Already overshadowed by the arrests or disqualification of opposition politicians as well as wartime censorship laws, Russia’s 2022 elections were further marred by claims of fraud over the three days they were held.
The independent elections watchdog Golos recorded cases of ballot-stuffing, intimidation, vote buying, misrecorded votes and other forms of manipulation that critics claim the Kremlin uses to rig the results.
Local media reported that some ballots had been destroyed with “small, pre-printed” dots in a checkbox next to the ruling, pro-Kremlin United Russia party.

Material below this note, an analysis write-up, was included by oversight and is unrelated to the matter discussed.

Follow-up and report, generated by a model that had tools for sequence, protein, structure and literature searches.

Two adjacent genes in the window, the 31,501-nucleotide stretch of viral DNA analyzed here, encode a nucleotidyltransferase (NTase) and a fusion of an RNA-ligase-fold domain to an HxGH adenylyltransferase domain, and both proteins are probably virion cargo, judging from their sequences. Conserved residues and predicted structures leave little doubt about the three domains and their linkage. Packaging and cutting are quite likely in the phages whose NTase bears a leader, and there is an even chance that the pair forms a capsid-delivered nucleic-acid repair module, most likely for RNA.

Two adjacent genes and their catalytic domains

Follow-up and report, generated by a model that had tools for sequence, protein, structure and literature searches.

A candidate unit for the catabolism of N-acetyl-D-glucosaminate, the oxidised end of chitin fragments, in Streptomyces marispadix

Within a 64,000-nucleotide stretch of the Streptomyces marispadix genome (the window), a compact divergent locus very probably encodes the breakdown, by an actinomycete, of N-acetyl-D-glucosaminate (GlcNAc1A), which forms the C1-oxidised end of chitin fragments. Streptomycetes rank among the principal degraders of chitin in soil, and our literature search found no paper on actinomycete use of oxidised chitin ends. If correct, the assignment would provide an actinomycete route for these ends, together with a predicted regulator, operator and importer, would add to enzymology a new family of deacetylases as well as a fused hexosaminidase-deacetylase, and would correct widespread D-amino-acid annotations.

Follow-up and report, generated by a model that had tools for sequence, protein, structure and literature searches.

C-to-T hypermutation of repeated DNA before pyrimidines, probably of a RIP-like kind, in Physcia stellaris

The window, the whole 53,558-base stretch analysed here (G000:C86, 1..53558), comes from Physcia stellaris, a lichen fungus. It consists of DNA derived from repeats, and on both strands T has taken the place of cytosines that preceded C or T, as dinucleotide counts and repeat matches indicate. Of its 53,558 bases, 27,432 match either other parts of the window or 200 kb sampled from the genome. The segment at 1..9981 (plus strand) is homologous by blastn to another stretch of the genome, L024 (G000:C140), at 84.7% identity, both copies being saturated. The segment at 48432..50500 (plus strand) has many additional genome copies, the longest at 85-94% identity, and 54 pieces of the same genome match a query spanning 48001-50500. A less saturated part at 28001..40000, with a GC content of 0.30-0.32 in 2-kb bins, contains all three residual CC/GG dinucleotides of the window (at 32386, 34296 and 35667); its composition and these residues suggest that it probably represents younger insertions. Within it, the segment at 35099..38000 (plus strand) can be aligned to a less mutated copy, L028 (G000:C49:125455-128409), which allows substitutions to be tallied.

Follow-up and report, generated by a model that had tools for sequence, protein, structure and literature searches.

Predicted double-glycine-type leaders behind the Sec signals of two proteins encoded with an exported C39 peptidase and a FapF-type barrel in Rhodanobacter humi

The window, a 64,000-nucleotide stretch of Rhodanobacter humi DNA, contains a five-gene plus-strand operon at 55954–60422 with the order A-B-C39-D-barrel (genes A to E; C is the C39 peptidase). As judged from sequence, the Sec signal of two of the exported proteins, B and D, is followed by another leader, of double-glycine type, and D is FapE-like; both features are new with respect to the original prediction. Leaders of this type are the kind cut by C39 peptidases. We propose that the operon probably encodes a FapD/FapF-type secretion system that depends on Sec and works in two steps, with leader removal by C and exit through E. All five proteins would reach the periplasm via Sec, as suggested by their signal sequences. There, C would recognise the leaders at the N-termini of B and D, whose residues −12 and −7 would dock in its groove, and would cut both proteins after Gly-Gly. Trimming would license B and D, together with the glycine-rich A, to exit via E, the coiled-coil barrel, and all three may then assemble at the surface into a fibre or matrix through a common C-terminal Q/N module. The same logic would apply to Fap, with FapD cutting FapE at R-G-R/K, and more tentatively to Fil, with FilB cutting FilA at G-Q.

Election monitors widely criticized Russia’s “at-home” voting system that allowed eligible voters to cast their ballots outside polling stations, Golos said.
The watchdog said it received widespread reports of voters being turned away from polling stations because they had been registered as having cast their ballots online. Eight Russian regions including Moscow incorporated online voting, which opponents criticize as prone to falsifications due to its lack of transparency.
Sergei Mironov, head of the A Just Russia party and an opponent of online voting, posted a video of himself being unable to vote Sunday due to what he described as his “forced transfer” to remote voting.
Russia first introduced three-day voting periods in 2020 in a bid to keep Covid-19 transmissions low. Critics of the system say that extending voting beyond a single day makes instances of electoral fraud more likely to happen.